A seminary classmate of mine, Brian, grew up in a rough part of London. During his young adult years, in the 1980’s, he was a part of that city’s punk rock scene. He had a rainbow-colored mohawk, studded wristbands, and a leather jacket- the standard punk uniform of the time. And, true to the punk ethos, Brian was disaffected, angry, and sometimes violent. God, needless to say, was not a part of his life.
One day Brian and some companions noticed that a local monastery was hosting a day for youth. They decided to go, create havoc, and disrupt the whole thing. When they arrived at the front door, a frail monk greeted Brian. Brian told him to "(Blank) off," and shoved him hard. The monk fell back against a wall and landed on the floor. He then picked himself up, dusted off his robes, smiled at Brian and said, "Peace be with you." Brian was at a loss for what to do or say. He had expected threats, insults, a call to the police- anything but a wish that he enjoy peace. The experience was so powerful, Brian said, that at that moment he was converted to faith in Christ.
Brian’s conversion experience is an example of the transforming power of the peace of Jesus- a peace we heard about in today’s gospel. No less than three times the risen Jesus said to his disciples, "Peace be with you." Indeed, these were the first words the Lord spoke to the disciples after his resurrection.
This peace- "Shalom" in Hebrew- might best be described as what we experience when we live in complete harmony with God. It’s a true gift that Jesus won for us through his death and resurrection- that’s why he first gave it on Easter day. But this peace is also something for which we must strive, by daily surrendering our life into God’s hands. When God is absent from our life, or when we work against God’s will, we will experience turmoil, restlessness, desolation, and inner conflict- as seen in the anger and violence of Brian’s life before his conversion. But when we live in harmony with God, we will know the peace of Christ.
When Jesus offered his peace to his friends, the wounds of the nails and spear were plainly visible for all to see. This tells us that a life lived in Christ’s peace is not necessarily free of hardship; we all have a cross to carry. Instead, the peace of Christ allows our hardships to be transformed, because we know we’re loved, strengthened, and guided by a God who cares for us, knows what’s best for us, and has a plan for our lives. Cardinal Bernardin of Chicago, as he suffered with terminal pancreatic cancer, wrote a little book called The Gift of Peace. Just thirteen days before he died, he finished his book with this thought: "As I write these final words," he said, "my heart is filled with joy. I am at peace."
Jesus wants us to enjoy his peace. At the same time, he doesn’t want us to hoard it to ourselves. The peace we receive is a peace we’re meant to share. Think back to today’s gospel. Jesus wished his friends peace, and then sent them forth into the world to spread that peace. "As the Father has sent me," he said, "so I send you."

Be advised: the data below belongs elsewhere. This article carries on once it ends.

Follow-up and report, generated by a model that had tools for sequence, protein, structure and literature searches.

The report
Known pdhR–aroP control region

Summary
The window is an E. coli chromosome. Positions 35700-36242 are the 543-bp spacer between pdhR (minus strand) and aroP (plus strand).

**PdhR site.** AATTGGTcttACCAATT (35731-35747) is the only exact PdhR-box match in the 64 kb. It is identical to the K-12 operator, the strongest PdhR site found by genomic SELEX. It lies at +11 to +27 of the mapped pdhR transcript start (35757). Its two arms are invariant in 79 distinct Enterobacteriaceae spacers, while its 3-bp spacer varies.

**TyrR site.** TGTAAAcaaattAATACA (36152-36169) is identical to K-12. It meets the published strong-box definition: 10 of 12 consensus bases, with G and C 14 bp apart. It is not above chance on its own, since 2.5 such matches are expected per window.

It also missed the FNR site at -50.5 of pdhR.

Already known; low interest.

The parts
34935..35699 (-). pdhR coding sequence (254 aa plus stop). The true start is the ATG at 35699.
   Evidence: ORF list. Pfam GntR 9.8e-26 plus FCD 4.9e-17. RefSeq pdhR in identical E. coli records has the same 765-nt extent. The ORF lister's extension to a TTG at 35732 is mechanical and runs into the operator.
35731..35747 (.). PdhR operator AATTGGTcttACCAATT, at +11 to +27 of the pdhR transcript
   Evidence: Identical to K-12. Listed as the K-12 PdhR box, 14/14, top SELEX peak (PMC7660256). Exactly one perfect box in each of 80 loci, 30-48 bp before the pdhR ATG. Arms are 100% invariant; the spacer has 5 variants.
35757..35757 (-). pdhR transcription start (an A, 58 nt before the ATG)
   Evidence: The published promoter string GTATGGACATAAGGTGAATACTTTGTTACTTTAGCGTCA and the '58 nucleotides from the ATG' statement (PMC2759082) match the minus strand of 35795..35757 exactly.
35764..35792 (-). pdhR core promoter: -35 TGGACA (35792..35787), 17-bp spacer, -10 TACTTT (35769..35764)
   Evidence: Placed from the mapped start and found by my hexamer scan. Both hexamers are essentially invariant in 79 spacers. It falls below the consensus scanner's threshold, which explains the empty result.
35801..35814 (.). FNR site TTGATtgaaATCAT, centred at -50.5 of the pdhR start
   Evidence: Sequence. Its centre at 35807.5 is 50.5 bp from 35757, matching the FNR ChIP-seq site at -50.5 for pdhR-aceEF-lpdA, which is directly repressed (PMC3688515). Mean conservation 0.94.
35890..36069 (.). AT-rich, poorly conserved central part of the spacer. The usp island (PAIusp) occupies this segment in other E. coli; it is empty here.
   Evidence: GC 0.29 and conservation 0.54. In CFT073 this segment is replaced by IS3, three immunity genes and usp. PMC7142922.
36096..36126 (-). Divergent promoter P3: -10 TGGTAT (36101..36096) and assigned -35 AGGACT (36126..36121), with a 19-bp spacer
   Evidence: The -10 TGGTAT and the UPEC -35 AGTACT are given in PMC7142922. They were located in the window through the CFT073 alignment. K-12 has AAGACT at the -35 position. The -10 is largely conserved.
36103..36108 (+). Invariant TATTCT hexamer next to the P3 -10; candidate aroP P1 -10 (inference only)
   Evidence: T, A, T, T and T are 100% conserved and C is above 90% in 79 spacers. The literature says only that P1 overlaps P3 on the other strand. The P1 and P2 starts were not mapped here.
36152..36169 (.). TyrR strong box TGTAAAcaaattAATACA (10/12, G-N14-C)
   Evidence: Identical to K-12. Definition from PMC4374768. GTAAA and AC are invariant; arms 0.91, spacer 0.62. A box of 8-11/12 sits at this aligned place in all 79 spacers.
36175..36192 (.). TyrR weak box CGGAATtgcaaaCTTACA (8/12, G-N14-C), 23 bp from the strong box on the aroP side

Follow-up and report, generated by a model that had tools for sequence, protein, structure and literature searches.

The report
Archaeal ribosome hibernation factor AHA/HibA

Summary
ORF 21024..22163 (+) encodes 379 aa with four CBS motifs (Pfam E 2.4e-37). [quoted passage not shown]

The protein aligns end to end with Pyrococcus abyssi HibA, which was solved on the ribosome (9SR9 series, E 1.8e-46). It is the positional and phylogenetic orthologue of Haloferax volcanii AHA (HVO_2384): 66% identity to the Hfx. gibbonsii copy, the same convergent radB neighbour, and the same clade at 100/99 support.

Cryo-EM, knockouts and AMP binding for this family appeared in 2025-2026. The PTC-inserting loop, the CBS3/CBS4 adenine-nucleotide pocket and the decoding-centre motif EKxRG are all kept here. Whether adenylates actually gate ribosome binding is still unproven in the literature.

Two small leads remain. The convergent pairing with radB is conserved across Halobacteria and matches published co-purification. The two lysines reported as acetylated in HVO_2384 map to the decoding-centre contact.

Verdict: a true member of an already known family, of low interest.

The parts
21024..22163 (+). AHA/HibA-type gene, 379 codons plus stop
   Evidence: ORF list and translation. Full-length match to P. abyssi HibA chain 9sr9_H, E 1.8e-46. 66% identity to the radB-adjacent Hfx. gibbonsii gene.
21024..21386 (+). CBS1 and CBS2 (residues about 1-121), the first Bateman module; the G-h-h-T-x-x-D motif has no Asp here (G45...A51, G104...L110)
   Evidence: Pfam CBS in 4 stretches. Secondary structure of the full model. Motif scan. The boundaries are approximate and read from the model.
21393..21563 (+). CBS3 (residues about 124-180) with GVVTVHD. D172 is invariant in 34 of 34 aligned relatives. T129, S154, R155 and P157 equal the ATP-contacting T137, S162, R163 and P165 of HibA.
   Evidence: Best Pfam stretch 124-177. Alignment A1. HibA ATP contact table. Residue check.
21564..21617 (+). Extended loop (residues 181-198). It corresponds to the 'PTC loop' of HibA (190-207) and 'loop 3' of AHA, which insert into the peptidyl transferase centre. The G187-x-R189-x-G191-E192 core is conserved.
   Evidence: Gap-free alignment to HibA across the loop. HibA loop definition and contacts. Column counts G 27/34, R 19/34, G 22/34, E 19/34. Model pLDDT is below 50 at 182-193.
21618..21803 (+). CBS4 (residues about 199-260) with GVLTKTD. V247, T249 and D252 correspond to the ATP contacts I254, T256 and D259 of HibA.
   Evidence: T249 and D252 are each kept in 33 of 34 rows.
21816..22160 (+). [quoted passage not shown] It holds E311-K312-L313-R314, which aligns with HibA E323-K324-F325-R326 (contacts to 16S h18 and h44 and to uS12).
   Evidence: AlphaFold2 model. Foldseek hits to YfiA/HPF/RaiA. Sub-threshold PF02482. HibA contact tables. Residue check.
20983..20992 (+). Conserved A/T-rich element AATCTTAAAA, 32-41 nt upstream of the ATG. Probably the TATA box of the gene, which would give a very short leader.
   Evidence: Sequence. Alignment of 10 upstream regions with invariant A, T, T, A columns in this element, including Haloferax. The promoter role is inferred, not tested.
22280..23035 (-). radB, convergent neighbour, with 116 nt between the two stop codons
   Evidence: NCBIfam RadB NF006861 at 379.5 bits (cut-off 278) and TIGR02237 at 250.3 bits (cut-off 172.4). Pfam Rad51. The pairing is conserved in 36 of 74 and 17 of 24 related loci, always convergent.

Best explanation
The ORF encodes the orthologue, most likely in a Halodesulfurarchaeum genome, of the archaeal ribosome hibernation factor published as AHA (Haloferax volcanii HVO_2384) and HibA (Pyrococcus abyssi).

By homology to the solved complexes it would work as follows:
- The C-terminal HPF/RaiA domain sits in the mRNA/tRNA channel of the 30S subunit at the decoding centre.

The same thing happens to us at Mass. During the Eucharistic prayer, we recall Jesus’ promise of peace at the Last Supper when he said to his apostles, "I leave you my peace, my peace I give you." Then we ask Jesus to "grant us the peace and unity of (his) kingdom." After this, we share the sign of peace, as we turn and say to each other, "Peace be with you."
"Peace be with you" isn’t a special way we Christians say hello to each other, and it’s much more than a simple expression of good wishes. Instead, it’s a way we acknowledge that the peace of Christ is a gift that our Lord has offered to each one of us. At the same time, to say "Peace be with you" is also something of a challenge, both to ourselves and to those we greet, to be open and receptive to Christ’s peace. Because we all fall short of it, and even reject it outright, through our sin, selfishness, and pride.
Pope Benedict described the Eucharist as "the sacrament of peace." In particular, he wrote about the "great value" of the sign of peace we exchange at Mass. He calls it an "eloquent" gesture, because of the "irrepressible desire for peace in every heart" in the midst of a world "fraught with fear and conflict." Because of this, he concludes, we who share Christ’s peace with one another at Mass, have a special responsibility to share the peace of Christ with the world.
And that’s what we’re sent forth to do at the end of each Mass. It’s for good reason that all of the options for the Dismissal at the end of Mass explicitly mention Christ’s peace: "Go, in the peace of Christ;" "The Mass is ended, go in peace;" "Go forth in peace to love and serve the Lord."
We can’t, however, share with others what we ourselves don’t have. That’s why we need each day to open ourselves more and more to Christ’s peace, by placing our trust in God and striving to live in harmony with his will. "Acquire inner peace," said St. Seraphim, and a multitude around you will find their salvation."
The world is filled with people like my seminary classmate Brian. Maybe they don’t have a mohawk! But they do have anger, turmoil, confusion, meaninglessness, cynicism, hopelessness, despair. Our Lord wants to use us to bring his peace to people like them. Maybe then we should make our own the famous prayer of St. Francis of Assisi, who said, "Lord, make me a channel of your peace."